Capel Colman

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Capel Colman
Capel Colman - geograph.org.uk - 572018.jpg
St Colman's Church
Capel Colman is located in Pembrokeshire
Capel Colman
Capel Colman
Location within Pembrokeshire
OS grid referenceSN217384
Community
Principal area
CountryWales
Sovereign stateUnited Kingdom
Post townBoncath
Postcode districtSA
Dialling code01239
PoliceDyfed-Powys
FireMid and West Wales
AmbulanceWelsh
EU ParliamentWales
UK Parliament
Welsh Assembly
List of places
UK
Wales
Pembrokeshire
52°00′54″N 4°35′57″W / 52.0149°N 4.5992°W / 52.0149; -4.5992Coordinates: 52°00′54″N 4°35′57″W / 52.0149°N 4.5992°W / 52.0149; -4.5992

Capel Colman is a parish in northeast Pembrokeshire, Wales, in the community of Boncath. Formerly in the Hundred of Cilgerran, Capel Colman is a small, rural parish of some 750 acres (300 ha) surrounded by the larger parishes of Cilgerran, Manordeifi, Clydau, Penrydd and Llanfihangel Penbedw.[1] The parish is in the Manordeifi group in the Church in Wales Diocese of St David's.

The parish is named in some historical sources as Llangolman, but this is not to be confused with Llangolman, a village a few miles to the south of Capel Colman.

History[edit]

The recorded history of Capel Colman can be traced back at least to the 14th century, when it was a chapelry in the parish of Manordeifi. In 1594 it was a Crown property which was subsequently abandoned[2] until it was re-endowed by the Anglican Church in the 18th century.

There was a parish school in Capel Colman: David Jones is listed as schoolmaster in 1737.[3] The population of the parish in 1801 was 71, the majority of whom worked in agriculture.[4]

In Liber ecclesiasticus, an 1835 report on the state of the established church, Capel Colman is described as a parish with a population of 130, valued at £72, patron Morgan Jones Esq.[5]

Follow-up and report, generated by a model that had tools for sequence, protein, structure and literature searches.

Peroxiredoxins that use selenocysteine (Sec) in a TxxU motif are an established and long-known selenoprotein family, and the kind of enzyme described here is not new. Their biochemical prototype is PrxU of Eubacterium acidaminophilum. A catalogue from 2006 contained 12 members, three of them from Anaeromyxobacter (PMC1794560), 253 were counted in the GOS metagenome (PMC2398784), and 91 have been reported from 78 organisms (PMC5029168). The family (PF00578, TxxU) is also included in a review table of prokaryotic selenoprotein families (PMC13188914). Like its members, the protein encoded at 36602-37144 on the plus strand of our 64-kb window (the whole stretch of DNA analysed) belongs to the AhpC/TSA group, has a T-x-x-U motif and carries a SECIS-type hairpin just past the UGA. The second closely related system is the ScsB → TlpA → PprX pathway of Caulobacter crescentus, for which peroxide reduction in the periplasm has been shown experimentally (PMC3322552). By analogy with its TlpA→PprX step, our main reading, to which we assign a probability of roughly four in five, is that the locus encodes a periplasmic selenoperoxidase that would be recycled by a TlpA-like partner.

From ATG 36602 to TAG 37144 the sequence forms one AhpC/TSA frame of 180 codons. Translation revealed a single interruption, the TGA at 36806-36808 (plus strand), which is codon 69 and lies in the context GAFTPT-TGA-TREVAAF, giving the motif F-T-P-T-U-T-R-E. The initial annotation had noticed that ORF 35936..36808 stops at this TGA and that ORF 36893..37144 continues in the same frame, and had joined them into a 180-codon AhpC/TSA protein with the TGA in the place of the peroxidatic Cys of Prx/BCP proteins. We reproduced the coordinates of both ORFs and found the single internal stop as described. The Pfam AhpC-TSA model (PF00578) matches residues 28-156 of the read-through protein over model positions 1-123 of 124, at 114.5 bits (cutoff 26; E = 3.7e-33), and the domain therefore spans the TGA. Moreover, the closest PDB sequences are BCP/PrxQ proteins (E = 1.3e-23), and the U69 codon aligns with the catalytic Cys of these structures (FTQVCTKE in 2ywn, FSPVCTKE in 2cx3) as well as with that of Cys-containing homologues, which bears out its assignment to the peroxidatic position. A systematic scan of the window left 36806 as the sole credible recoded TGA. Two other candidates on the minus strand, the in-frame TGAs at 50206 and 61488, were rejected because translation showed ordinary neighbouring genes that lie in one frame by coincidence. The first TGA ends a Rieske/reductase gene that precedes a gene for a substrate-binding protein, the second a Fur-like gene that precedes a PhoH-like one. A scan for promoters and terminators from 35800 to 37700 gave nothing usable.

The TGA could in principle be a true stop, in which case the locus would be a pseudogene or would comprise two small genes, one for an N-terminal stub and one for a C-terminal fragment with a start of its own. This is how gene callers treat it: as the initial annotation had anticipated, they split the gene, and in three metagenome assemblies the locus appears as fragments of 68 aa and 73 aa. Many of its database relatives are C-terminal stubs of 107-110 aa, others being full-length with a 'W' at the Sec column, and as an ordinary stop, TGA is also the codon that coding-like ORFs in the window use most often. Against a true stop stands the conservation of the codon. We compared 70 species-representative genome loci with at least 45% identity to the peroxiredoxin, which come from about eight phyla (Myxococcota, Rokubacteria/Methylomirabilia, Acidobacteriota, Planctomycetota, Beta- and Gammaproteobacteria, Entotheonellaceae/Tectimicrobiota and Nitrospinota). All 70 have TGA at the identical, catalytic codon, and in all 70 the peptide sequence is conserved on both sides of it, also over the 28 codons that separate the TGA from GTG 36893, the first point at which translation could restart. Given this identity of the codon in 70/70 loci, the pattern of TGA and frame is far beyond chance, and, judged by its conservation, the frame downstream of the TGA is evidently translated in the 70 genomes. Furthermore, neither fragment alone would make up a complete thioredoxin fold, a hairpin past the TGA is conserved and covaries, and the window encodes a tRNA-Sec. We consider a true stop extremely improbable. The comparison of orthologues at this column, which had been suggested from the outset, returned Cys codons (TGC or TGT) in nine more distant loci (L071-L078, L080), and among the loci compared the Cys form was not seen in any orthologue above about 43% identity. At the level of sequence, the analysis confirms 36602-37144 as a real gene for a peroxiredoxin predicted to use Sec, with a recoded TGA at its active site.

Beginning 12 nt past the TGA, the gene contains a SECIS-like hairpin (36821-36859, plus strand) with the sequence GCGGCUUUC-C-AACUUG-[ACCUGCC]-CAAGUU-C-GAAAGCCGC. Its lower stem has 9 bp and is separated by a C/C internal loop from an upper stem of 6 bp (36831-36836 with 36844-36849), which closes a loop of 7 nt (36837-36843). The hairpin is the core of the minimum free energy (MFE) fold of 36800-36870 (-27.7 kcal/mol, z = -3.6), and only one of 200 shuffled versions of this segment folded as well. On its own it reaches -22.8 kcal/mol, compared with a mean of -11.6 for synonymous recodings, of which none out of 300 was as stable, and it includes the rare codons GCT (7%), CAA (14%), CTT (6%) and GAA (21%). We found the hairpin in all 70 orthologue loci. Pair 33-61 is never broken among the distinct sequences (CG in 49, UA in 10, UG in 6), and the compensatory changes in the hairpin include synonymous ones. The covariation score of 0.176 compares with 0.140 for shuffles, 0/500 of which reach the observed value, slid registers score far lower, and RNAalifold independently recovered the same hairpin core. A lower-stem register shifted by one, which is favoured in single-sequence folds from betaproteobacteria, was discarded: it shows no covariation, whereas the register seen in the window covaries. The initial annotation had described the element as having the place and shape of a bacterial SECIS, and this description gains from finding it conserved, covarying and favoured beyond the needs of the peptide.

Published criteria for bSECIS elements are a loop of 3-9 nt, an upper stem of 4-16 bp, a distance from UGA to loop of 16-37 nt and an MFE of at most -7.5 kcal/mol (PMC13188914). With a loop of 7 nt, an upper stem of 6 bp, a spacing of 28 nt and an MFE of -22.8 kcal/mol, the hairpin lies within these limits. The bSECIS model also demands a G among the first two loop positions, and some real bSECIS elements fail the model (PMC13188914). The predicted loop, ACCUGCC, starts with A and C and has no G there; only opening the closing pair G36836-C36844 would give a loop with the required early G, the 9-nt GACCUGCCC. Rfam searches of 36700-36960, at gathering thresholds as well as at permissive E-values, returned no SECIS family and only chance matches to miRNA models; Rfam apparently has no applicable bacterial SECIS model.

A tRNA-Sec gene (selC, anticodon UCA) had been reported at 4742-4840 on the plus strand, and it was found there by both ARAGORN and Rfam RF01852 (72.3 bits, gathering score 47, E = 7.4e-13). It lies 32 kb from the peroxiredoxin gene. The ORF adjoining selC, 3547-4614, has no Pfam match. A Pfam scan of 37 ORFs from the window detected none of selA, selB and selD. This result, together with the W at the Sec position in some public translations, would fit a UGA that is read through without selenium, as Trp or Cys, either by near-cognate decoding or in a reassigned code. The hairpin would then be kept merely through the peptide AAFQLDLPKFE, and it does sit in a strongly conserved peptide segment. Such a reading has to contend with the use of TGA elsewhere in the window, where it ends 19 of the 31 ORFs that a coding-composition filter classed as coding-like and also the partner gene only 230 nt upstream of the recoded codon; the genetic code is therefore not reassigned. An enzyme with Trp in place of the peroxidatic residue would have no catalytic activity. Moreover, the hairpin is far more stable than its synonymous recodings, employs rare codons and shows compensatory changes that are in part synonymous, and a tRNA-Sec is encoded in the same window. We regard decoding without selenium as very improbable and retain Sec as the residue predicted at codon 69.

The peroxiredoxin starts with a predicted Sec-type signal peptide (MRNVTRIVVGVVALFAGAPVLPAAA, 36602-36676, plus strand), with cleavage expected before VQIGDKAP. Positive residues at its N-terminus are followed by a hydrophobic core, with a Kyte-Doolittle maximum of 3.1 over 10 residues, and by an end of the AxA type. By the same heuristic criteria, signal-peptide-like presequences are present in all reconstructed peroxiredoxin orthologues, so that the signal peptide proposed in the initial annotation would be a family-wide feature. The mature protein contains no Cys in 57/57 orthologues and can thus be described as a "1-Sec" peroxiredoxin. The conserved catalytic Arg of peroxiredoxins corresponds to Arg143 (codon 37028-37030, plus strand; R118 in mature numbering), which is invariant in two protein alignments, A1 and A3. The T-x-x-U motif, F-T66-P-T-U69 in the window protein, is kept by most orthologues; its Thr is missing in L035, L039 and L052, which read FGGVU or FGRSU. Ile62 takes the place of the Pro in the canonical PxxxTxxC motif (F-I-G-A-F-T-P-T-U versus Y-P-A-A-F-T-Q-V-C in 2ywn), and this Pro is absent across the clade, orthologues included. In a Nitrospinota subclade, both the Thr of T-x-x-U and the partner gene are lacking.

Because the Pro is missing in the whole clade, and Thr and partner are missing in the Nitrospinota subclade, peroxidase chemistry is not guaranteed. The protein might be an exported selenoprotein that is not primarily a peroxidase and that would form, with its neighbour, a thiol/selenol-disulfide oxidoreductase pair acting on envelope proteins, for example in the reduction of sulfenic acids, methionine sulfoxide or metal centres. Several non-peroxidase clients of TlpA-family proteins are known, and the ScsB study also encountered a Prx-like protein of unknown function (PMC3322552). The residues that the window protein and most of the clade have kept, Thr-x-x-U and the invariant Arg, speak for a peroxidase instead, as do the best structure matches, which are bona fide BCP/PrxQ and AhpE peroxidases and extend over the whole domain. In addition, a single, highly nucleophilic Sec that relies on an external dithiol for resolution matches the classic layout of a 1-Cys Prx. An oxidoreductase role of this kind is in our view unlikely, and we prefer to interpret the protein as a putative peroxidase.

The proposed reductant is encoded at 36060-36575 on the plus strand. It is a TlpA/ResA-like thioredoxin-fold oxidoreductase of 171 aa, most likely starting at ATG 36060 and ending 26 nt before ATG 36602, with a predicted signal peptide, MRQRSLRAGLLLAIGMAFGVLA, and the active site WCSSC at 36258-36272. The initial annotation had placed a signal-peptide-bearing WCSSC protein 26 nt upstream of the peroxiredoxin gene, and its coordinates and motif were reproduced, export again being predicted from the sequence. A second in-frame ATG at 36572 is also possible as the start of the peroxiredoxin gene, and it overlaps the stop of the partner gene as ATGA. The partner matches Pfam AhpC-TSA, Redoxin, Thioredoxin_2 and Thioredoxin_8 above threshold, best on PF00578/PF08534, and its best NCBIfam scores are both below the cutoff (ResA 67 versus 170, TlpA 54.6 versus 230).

In the mid-19th century about 60 acres (24 ha) of the parish were woodland with the rest split between arable land and pasture. Corn, butter and cheese were the principal produce. The Lord of the Manor in 1849 was Pryse Pryse.[6]

Wilson's Gazeteer of 1872 described Capel Colman as a parish of 770 acres with a population of 157 living in 30 houses with Miss Jones of Cilwendeg the patron. By 1961 the population of the parish had risen to 171.[4]

Church of St Colman[edit]

The church is dedicated to St Colman, an Irish saint of the 6th or 7th century; however, as there were several saints of the same name[7] it is not clear which is referred to. The present building dates from around 1720, having previously been abandoned; it was later rebuilt and restored, and is now a listed building.[8] The font is mediaeval.[9] The church was rebuilt in 1837 for Morgan Jones of Cilwendeg[10] but was reported as in need of repair in 1859.[4] It was refurbished again in the 1890s.[10]

Some sources describe St Colman as a chapel (hence the name of the parish), and some a church, and it may have been a chapel for Cilwendeg (see below) as it stands at the edge of Cilwendeg Park. It is referred to as a chapelry in tithe documents of the mid-18th century,[11] and church appointments for 1771-2 are listed on the CCE database.[12]

Extant parish records include Bishops Transcripts (1806–1878), baptisms (1813–1987), marriages (1770–1970) and burials (1824–1991), all held at the National Library of Wales.[13] Capel Colman parish is in the benefice of the Manordeifi Group in the Church in Wales.[14]

The parish was a joint perpetual curacy with the rector of Llanfihangel Penbedw from the 19th century. The Clergy List for 1841 notes that A. Brigstoke had been curate since 1833.[15] In 1866 T Rogers was the incumbent,[16] followed in 1888 by David Worthington,[17] replacing David Lewis.[18]

In 1878 a Harvest Thanksgiving Service was held in the church in the morning, and at Llanfihangel Penbedw in the afternoon with sermons and services in English and Welsh by clergy from several neighbouring parishes. All the clergy were invited to dinner by Mrs Lloyd of Kilrhue.[19]

A major improvement in the church was made in 1895. The Western Mail reported:

"One of the very few remaining old churches of the upper portion of Pembrokeshire...Capel Colman, near Boncath, is being replaced by a new and handsome sacred edifice, which will be opened at the end of June. Since the appointment of the Rev. W.G. Phillips to the living of Capel Colman and Llanfihangel Penbedw, rapid strides have been made, until at the present time the number of communicants have reached 80. Mr Phillips has not only succeeded in raising a very handsome vicarage, but he has also taken in hand the restoration of his Parish Church with a like success, and in aid thereof a most successful and well-attended bazaar and open-air fete was held in the beautiful grounds of Cilwendeg...which was opened by Mrs Wodehouse (Pentre) in the presence of a large number of spectators."[20]